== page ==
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City: Fatal police shooting, most other calls, not a good fit for Portland Street Response

In order for dispatchers to send Portland Street Response, the person in question has to, among other things, be possibly experiencing a mental health crisis.

PORTLAND, Ore. — In the wake of Friday’s fatal police shooting in Southeast Portland’s Lents neighborhood, heads of a new, alternative first response program say they’ll be reviewing the details of that initial 911 call to see if their staff should have been dispatched instead of or alongside officers.

For now, reps for Portland Street Response (PSR) agree with the city’s Bureau of Emergency Communications (BOEC) and the Portland Police Bureau (PPB): that callers’ assertions that the man in question was armed left emergency dispatchers with no other choice but to send police.

“We appreciate the community’s concerns because we have consistently heard from you that PSR needs to be flexible in its response model,” read a statement released by Portland Street Response Monday evening. “We will be debriefing this incident as a team and citywide to learn how PSR can improve its interventions.”

After years of buildup, the city launched PSR in February, with a price-tag of $4.5 million. The program gives dispatchers the option of sending an EMT and a crisis counselor to calls involving mental health or addiction. The program is set to go citywide next year, but for now, it's only responding to calls in the Lents neighborhood, where Friday's shooting happened.

Around 9:30 a.m. Friday, police were called to Lents Park after callers reported a man pointing a gun there. Officers responded and found 46-year-old Robert Delgado. A rep for the bureau said Delgado appeared to be armed. They now say he was holding a replica gun. Witnesses have said they didn’t see any gun at all. The case is under investigation.

Delgado was reportedly homeless and long afraid of police. By Monday, a memorial of flowers and balloons had appeared in his honor.

“It was very jarring to hear of what happened,” said Sabina Urdes, chair of the Lents Neighborhood Association.

In an interview Monday, Urdes said she’s heard the rationale for why PSR wasn’t dispatched to Friday’s call, but she wonders if all the agencies involved could have been more flexible.

“It's just kind of hard to understand why the police response wasn’t such where they couldn't deescalate to the point where they could bring in Street Response to talk to that person [and] why so quickly they resorted to shooting and killing,” she said.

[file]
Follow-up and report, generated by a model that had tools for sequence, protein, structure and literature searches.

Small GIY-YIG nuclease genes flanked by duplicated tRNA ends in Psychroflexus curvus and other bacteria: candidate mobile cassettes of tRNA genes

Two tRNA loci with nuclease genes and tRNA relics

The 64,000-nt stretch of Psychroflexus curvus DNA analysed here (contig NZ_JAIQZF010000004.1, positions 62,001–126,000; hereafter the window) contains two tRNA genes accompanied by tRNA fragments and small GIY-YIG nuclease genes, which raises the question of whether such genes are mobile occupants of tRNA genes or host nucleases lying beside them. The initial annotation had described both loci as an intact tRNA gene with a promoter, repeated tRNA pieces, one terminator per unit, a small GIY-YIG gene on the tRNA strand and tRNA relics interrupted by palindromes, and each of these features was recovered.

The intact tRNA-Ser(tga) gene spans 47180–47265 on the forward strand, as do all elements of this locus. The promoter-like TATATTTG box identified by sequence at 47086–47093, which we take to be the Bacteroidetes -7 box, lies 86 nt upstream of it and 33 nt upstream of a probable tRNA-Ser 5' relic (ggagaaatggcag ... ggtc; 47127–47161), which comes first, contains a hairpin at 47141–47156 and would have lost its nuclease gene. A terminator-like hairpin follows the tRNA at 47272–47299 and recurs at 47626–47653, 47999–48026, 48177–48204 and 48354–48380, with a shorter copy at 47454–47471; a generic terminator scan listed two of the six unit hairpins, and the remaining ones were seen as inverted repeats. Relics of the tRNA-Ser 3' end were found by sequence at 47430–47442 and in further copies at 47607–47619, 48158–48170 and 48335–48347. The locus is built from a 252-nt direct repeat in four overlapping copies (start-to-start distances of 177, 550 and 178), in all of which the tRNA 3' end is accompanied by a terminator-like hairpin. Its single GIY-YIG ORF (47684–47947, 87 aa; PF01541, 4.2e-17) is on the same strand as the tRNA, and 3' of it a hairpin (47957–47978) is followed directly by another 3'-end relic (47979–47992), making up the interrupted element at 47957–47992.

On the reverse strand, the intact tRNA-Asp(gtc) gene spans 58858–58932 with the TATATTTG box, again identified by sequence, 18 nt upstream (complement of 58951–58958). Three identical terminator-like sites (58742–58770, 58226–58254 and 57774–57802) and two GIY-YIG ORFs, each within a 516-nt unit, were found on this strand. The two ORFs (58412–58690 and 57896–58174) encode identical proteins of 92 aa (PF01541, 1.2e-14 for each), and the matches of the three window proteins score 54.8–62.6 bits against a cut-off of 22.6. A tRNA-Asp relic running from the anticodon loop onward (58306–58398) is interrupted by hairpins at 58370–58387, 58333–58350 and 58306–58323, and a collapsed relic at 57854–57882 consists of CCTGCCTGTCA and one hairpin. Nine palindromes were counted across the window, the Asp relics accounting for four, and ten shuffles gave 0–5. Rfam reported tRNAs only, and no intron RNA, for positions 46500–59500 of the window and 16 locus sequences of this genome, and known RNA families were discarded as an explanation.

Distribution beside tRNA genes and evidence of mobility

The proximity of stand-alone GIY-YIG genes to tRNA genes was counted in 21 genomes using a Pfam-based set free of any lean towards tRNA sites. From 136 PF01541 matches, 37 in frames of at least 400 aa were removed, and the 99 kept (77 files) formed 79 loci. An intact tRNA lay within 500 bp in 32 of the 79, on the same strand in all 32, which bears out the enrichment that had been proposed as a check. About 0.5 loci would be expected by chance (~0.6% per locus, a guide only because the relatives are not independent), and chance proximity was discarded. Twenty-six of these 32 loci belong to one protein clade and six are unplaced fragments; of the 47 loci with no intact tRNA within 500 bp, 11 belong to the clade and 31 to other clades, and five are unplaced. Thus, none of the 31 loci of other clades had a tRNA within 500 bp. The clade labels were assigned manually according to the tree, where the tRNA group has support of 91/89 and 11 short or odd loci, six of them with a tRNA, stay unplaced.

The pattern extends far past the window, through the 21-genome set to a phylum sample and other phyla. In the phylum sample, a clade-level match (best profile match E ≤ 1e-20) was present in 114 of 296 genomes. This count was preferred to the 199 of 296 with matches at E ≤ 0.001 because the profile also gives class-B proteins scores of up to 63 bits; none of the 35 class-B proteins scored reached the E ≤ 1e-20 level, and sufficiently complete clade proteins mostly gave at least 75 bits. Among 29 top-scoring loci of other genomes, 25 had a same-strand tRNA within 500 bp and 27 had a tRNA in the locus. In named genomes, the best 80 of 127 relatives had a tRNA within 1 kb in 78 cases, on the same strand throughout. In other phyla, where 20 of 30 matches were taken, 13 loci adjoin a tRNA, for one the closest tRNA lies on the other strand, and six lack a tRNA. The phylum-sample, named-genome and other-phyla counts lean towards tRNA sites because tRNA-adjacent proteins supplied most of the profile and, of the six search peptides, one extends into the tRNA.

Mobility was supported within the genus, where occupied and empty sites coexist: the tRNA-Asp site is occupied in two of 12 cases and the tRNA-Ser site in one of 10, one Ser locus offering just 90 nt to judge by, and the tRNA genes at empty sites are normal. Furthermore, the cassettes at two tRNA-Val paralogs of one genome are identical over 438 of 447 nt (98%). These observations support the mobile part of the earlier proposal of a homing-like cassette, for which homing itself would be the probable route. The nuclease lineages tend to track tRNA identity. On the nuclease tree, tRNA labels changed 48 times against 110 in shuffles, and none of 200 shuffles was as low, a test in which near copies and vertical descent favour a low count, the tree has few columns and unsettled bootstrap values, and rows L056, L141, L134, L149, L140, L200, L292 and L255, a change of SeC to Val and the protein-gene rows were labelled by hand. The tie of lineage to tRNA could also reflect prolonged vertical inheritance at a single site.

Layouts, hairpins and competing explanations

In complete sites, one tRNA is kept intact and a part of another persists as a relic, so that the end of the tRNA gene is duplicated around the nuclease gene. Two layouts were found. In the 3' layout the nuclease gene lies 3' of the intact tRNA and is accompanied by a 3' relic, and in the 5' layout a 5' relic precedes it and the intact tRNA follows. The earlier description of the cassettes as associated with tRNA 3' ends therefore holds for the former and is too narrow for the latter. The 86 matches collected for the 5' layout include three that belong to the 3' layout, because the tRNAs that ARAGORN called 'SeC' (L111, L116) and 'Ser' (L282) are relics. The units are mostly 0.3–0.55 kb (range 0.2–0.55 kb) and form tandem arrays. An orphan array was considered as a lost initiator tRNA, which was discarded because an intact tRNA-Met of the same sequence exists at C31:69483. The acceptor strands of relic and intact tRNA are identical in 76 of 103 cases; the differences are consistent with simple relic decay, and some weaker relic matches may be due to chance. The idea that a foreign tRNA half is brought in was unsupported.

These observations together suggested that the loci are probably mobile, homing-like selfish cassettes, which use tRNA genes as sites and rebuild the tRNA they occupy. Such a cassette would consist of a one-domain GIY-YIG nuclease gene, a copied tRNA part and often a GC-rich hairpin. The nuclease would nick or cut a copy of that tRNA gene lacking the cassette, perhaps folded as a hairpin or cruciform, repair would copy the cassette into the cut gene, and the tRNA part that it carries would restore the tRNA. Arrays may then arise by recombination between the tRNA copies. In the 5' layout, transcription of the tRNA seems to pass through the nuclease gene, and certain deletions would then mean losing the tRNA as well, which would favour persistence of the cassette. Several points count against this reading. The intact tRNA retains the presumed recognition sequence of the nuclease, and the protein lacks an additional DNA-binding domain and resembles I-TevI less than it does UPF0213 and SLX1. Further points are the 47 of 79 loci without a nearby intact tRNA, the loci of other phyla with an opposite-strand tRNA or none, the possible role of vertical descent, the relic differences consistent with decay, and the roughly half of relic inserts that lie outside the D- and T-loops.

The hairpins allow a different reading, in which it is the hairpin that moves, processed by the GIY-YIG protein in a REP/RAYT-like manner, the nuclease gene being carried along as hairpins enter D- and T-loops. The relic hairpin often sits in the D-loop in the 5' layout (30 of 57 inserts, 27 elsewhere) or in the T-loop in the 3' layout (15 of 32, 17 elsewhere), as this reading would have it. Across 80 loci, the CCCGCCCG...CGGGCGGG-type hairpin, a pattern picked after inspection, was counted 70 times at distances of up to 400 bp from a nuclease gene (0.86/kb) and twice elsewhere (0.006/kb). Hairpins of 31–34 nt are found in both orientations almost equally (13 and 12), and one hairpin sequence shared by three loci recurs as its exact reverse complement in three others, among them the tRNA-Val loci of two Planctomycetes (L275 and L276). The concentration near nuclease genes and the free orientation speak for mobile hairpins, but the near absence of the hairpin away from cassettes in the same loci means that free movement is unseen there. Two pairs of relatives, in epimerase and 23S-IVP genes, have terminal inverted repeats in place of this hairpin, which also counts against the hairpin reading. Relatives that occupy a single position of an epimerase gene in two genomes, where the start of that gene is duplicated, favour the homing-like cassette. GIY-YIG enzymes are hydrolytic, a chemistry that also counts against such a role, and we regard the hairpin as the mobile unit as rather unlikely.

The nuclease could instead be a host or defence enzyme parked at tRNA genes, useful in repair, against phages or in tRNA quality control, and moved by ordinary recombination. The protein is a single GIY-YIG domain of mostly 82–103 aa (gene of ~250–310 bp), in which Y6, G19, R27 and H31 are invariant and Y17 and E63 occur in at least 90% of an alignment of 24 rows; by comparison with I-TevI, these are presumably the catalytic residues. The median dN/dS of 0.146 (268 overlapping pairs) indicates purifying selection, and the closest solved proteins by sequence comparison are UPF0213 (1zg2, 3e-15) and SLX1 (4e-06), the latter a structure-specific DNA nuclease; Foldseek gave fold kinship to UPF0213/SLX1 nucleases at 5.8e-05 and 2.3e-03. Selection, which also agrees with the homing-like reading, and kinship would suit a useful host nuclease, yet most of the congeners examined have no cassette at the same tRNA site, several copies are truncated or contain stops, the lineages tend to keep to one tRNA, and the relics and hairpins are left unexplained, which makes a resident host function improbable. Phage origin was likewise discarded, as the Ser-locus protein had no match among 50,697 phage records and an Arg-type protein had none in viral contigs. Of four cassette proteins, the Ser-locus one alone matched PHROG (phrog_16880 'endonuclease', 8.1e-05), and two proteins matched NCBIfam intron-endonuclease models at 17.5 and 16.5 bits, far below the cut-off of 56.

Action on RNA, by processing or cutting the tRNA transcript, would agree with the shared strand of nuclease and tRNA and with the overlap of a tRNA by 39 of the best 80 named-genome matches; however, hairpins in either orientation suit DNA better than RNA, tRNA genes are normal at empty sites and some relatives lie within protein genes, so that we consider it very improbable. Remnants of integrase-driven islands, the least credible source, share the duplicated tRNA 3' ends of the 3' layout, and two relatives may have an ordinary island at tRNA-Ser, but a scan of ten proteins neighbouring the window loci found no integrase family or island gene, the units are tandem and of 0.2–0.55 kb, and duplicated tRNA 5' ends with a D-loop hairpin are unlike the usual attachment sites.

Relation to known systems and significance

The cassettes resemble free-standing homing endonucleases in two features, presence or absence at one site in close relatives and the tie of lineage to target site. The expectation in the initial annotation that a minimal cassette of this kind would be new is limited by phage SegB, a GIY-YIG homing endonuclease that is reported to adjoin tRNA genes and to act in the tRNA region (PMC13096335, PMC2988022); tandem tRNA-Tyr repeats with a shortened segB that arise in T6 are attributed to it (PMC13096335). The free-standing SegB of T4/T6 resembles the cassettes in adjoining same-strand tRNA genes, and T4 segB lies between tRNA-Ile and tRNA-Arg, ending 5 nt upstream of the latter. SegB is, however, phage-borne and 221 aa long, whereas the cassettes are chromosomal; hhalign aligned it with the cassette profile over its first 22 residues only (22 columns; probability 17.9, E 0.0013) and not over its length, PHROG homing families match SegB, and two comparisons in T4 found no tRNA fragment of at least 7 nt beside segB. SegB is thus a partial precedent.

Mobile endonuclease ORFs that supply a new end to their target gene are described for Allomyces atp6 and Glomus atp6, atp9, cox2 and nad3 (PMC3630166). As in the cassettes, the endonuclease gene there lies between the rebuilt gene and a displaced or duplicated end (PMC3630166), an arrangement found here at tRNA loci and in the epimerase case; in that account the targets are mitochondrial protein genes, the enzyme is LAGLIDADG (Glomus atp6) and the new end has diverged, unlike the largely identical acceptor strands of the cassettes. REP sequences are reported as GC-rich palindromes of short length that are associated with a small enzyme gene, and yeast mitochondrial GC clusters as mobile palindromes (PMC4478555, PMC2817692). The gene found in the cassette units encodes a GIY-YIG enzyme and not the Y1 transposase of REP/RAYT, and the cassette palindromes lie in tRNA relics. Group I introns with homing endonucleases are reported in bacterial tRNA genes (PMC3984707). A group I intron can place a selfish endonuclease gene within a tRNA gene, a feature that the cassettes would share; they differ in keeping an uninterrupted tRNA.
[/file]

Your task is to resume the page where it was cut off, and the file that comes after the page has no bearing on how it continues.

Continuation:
The frustration is compounded by, coincidentally, well-timed reporting. Two days before the shooting, Willamette Week reported PSR has only been going out on “about two calls a day." Staff on the program told reporter Tess Riski they could handle four to five times that.

“I understand there to be a few different reasons behind the call volume. One of the first arguments of course is ‘This is a new program, so we're trying to roll things out slowly and do it right,’” Riski said. “But another thing I've heard is that there's a specific triaged criteria that has to be met.”

KGW confirmed that criteria with Portland's Bureau of Emergency Communications. In order for dispatchers to send Portland Street Response, the person in question has to, among other things, be possibly experiencing a mental health crisis, intoxicated or on drugs. They have to be outside or in a public space. They can't have any weapons or be behaving violently, and they can't be obstructing traffic.

A spokesman for BOEC said dispatchers are sending PSR to every call that qualifies, and reps for PSR told KGW they don’t turn down any calls sent their way.

No one seems to know why there are so few that meet the criteria for the new program.

KGW reached out to city commissioner Jo Ann Hardesty, who’s overseeing PSR. A spokesman for her office sent KGW a response tied to Friday’s shooting, but it mentioned nothing about PSR’s overall low call volume. The statement read “I send my deepest condolences to the family, friends, and community members grieving the tragic loss of Robert Douglas Delgado. I will be taking the time needed to learn all the facts and to fully debrief the fatal police shooting at Lents Park. I will not be commenting further until I have more information.”

People in Lents tell Riski they're frustrated, especially knowing the money for Portland Street Response was cut from the Portland Police Bureau's budget.

“Neighbors in that neighborhood have a lot of different opinions over the rule of law enforcement versus alternative options,” Riski said. “Some of them feel like police don't respond to them quickly.”

In that statement Monday, PSR staff wrote they’re meeting with BOEC weekly to discuss how to grow their impact.

“Our next phase starts this summer and we will bring on more team members to help cover the greater Lents neighborhood on nights and weekends as well,” the statement read. “Ultimately, we will bring this service to all of Portland, 24/7, in 2022.”


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